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Open Access Highly Accessed Research article

Functional recovery from chronic writer’s cramp by brain-computer interface rehabilitation: a case report

Yasunari Hashimoto1*, Tetsuo Ota2, Masahiko Mukaino3, Meigen Liu4 and Junichi Ushiba5

Author Affiliations

1 Department of Electrical and Electronic Engineering, Kitami Institute of Technology, Hokkaido, Japan

2 Asahikawa Medical University Hospital, Hokkaido, Japan

3 Department of Rehabilitation Medicine I, School of Medicine, Fujita Health University, Aichi, Japan

4 Department of Rehabilitation Medicine, Keio University School of Medicine, Tokyo, Japan

5 Department of Biosciences and Informatics, Faculty of Science and Technology, Keio University, Kanagawa, Japan

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BMC Neuroscience 2014, 15:103  doi:10.1186/1471-2202-15-103

Published: 1 September 2014

Abstract

Background

Dystonia is often currently treated with botulinum toxin injections to spastic muscles, or deep brain stimulation to the basal ganglia. In addition to these pharmacological or neurosurgical measures, a new noninvasive treatment concept, functional modulation using a brain-computer interface, was tested for feasibility. We recorded electroencephalograms (EEGs) over the bilateral sensorimotor cortex from a patient suffering from chronic writer’s cramp. The patient was asked to suppress an exaggerated beta frequency component in the EEG during hand extension.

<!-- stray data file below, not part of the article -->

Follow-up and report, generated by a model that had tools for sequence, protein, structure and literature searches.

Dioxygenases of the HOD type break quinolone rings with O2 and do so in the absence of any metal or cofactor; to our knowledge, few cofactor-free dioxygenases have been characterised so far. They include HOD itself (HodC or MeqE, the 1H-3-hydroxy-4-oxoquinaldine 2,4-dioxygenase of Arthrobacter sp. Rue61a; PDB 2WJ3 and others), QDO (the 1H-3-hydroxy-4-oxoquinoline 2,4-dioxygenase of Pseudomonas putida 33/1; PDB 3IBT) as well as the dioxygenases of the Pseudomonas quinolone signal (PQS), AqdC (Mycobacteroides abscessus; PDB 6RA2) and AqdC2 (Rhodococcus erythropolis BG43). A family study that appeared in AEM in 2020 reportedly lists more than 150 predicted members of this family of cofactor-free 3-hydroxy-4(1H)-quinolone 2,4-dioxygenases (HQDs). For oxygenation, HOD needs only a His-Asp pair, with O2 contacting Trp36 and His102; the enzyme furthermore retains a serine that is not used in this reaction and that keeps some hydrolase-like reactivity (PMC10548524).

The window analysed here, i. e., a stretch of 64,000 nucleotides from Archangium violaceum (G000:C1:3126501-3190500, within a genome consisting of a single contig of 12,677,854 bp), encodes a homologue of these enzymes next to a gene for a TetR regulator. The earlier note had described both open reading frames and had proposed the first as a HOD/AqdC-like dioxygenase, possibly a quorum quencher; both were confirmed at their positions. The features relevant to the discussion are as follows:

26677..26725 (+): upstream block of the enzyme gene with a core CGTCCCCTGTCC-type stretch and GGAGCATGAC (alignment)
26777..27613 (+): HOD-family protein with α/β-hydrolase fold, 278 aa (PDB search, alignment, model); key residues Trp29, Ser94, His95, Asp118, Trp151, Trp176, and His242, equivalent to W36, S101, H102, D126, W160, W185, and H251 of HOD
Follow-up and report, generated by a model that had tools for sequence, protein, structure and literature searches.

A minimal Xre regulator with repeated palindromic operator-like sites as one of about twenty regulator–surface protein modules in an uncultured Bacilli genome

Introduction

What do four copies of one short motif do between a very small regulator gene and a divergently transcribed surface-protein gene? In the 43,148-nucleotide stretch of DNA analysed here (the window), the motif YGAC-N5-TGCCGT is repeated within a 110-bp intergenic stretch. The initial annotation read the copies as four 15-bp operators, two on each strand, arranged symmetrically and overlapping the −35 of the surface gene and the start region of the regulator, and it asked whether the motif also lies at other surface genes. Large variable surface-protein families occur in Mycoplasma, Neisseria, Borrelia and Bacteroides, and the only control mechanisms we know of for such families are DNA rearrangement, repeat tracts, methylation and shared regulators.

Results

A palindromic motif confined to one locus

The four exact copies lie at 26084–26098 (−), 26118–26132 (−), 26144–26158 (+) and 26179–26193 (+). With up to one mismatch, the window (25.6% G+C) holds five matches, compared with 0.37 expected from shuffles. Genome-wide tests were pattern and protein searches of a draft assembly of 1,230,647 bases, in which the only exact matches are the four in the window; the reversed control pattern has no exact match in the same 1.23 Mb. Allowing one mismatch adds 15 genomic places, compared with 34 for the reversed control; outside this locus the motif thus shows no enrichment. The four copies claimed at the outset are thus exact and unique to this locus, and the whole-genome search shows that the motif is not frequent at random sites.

Results

The patient completed biweekly one-hour training for 5 months without any adverse effects. Significant decrease of the beta frequency component during handwriting was confirmed, and was associated with clear functional improvement.

Conclusion

The current pilot study suggests that a brain-computer Interface can give explicit feedback of ongoing cortical excitability to patients with dystonia and allow them to suppress exaggerated neural activity, resulting in functional recovery.

Keywords:
Neurorehabilitation; Neurofeedback; Upper extremity; Motor learning; Cortico-muscular coherence